Introduction to algebra
 

The equals sign in algebra - part 1

Surely the equals sign always means the same thing, doesn’t it? What the equals sign means strictly in mathematical terms is not the same thing necessarily as the way it is interpreted in practice. When doing arithmetic, that is manipulating number, pupils mostly think of the equals sign as an instruction to do something with some numbers, to perform an operation. They see ‘3+ 5 =’ and respond by doing something; adding the 3 and the 5 to get 8. So, given the question, 3 + ? = 5, many younger pupils put 8 in the box; they see the equals sing as an instruction to perform an operation on the numbers in the question, and naturally respond to the ‘+’ sign by adding them up.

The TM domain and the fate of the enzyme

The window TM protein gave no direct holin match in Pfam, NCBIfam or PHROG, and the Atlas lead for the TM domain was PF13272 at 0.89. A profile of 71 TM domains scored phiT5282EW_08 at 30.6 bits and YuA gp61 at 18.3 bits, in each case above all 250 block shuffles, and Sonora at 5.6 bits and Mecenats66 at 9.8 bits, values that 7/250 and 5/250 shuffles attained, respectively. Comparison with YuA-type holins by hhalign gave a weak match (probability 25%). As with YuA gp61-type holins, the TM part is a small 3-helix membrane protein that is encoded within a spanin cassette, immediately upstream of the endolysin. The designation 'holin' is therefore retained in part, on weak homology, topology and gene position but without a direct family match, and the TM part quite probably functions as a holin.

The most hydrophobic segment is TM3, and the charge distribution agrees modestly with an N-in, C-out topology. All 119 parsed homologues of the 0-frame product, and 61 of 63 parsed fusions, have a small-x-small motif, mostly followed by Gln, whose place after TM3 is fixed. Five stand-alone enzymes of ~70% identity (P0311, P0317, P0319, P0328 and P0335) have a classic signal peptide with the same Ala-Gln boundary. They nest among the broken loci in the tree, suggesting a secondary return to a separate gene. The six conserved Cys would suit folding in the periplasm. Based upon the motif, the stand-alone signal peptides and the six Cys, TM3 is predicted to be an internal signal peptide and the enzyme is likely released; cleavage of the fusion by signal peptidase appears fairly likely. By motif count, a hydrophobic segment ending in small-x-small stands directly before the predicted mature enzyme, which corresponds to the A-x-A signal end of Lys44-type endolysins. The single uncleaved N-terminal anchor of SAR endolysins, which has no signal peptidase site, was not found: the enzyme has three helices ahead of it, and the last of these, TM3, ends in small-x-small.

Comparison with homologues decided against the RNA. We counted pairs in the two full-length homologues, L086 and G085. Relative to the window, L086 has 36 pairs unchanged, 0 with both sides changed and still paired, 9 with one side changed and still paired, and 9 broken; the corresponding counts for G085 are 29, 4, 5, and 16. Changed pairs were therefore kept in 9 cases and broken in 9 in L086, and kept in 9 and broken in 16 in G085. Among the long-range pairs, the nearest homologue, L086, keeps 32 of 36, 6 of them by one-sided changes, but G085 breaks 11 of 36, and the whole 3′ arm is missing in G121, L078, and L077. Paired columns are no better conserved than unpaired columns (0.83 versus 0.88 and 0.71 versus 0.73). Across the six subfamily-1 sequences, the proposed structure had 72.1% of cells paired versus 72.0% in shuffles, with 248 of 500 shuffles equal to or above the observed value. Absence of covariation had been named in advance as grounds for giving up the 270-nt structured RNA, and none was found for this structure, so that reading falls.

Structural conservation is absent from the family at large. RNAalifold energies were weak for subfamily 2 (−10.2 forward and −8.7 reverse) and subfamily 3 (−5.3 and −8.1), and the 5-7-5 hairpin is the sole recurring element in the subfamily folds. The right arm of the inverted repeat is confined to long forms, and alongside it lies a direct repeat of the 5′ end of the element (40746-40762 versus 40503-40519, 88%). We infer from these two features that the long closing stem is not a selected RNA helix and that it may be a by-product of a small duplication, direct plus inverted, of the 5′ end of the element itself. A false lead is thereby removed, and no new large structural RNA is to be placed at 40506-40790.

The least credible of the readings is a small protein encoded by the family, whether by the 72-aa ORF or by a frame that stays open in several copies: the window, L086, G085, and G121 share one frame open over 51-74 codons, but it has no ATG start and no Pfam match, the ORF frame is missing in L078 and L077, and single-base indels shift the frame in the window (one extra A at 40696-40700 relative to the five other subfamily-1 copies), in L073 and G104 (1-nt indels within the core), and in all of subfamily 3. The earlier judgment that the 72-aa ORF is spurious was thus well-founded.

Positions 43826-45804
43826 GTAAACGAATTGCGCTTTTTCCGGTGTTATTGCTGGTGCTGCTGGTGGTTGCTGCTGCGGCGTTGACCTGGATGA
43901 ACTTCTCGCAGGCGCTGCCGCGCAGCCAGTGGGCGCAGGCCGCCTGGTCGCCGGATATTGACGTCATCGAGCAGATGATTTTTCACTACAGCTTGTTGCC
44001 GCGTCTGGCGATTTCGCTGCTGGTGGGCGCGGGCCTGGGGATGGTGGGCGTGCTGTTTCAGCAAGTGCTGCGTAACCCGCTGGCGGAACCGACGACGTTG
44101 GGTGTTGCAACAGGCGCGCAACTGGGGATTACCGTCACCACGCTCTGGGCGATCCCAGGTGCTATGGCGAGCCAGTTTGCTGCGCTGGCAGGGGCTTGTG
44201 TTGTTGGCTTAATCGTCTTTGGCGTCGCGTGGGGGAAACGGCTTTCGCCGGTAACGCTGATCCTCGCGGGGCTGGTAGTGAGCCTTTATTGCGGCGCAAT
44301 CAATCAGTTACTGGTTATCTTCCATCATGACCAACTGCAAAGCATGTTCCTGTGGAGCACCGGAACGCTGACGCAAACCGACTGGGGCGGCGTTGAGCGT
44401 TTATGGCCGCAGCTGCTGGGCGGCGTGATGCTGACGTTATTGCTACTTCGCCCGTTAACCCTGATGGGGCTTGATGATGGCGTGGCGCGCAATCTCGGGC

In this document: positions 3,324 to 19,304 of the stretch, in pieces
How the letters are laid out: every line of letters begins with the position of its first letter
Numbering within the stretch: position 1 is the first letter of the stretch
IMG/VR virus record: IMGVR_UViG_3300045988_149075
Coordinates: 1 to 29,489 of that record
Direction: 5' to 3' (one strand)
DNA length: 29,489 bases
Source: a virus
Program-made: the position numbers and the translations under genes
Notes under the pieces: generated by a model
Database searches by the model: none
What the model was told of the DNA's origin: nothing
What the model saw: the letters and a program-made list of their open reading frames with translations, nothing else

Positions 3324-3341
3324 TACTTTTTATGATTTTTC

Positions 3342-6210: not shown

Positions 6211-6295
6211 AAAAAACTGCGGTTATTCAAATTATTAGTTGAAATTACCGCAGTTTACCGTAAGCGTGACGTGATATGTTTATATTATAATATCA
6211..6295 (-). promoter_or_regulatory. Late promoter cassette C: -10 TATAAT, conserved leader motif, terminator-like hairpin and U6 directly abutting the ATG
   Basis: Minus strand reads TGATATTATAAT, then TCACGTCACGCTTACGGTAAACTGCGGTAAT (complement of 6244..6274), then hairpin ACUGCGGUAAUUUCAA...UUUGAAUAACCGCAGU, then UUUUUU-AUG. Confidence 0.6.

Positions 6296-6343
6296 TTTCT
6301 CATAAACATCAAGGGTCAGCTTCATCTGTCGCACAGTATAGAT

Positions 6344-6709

Pupils also use the equals sign simply as a device for connecting the calculation they have performed with the result of the calculation. It means simply, ‘This is what I did and this is what I got…’

Given the problem ‘You have €28, earn €5 and spend €8, how much do you have now?’ pupils will quite happily write something like: 28 + 5 = 33 – 8 = 25. This way of recording the calculation is mathematically incorrect, because 28 + 5 does not equal 33 – 8. But this is not what the pupil means, of course. What is written down here represents the pupil’s thinking about the problem, or the buttons he or she has pressed on a calculator to solve it. It simply means something like, ‘I added 28 and 5, and got the answer 33, and then I subtracted 8 and this came to 25’.